DUI arrests don't always lead to convictions in court. Police officer mistakes, faulty breathalyzers and crime lab errors may get your charges reduced or dismissed. Visit our California DUI page to learn more.
However, the court will only grant you one if you have an affidavit from your physician documenting that you have undergone gender reassignment surgery. In addition, if you are under 18 years of age, you will need the approval of your parent(s) or legal guardian(s) before a court or government agency will approve the change.
Once you have the court order, you still need to change your gender on all of your legal documents. State and federal agencies each have their own standards, processes and legal documentation. The court order is merely a customary first step.
You do not, however, need a court order to change your California driver’s license, social security card, or U.S. passport. You also do not need a court order to get a new birth certificate that reflects your gender change, provided you were born in California. However, you do need a court order if you also want to change your name on your birth certificate.
What if I just want to change my name?
There are two ways to change your name in California:
common law name change, and
court-ordered name change.
A common law name changes occurs by itself when you use a new name over time. Common law name changes are legal in California. However, they are not recommended for people who have changed their gender. Even though they are recognized by California law, few government agencies accept them. The Social Security Administration, for instance, requires a court order before it will let you fill out an SS-5 form (available at www.ssa.gov) to change your name. And while your Social Security card does not list your gender, it is a good idea to have your gender updated in the Social Security system as well.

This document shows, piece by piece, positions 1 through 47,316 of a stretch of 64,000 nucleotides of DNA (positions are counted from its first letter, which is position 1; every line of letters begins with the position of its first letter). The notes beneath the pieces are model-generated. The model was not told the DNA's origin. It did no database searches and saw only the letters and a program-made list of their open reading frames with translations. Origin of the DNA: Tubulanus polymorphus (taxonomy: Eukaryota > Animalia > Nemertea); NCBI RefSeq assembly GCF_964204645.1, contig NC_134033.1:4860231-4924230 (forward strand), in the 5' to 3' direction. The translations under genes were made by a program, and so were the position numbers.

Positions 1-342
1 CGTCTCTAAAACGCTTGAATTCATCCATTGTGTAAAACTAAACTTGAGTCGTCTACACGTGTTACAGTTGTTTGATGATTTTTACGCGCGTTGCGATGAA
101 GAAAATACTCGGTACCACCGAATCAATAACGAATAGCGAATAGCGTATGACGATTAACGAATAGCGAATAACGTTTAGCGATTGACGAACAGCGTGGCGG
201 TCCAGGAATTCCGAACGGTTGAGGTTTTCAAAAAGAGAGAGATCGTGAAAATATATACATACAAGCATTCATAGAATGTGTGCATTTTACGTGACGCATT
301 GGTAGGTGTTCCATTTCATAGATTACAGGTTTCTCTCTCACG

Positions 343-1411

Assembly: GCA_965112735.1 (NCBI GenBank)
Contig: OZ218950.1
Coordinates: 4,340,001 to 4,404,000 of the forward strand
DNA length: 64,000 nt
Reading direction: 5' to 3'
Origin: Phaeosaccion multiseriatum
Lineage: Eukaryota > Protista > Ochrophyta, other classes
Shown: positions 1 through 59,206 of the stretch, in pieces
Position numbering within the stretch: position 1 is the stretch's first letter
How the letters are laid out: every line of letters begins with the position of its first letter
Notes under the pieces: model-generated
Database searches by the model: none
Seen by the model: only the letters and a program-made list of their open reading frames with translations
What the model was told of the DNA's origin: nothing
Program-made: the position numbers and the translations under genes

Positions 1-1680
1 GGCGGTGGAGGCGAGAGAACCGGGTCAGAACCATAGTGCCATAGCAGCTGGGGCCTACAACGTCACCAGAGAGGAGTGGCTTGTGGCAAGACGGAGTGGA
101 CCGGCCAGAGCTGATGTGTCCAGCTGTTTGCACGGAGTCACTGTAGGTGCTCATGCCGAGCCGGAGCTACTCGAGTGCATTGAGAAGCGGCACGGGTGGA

A court-ordered name change also leaves a paper trail connecting your old and new names. This can prove helpful when applying for credit, getting medical records, etc.
Note that if you are on probation or parole, or are required to register as a California sex offender, a court order is required for you to legally change your name.
What if I just want to change my California driver’s license?
You do not need to have completed gender reassignment / gender correction in order to get your gender changed on your California driver’s license. You simply need to fill out a form at the California DMV and provide confirmation from a physician or psychologist that you are expressing your gender identity full-time. If a physician supplies the confirmation, your gender change will be valid with the California DMV for ten years. If your psychologist completes the form, the change will be good for five years.
For more information on legally changing your gender and/or name, we recommend you contact a qualified civil attorney or legal self-help center. You can also find a great deal of information on the California courts website (linked above) and from the Transgender Law Center.
About the Author
A former Los Angeles prosecutor, attorney Neil Shouse graduated with honors from UC Berkeley and Harvard Law School (and completed additional graduate studies at MIT). He has been featured on CNN, Good Morning America, Dr Phil, The Today Show and Court TV. Mr Shouse has been recognized by the National Trial Lawyers as one of the Top 100 Criminal and Top 100 Civil Attorneys.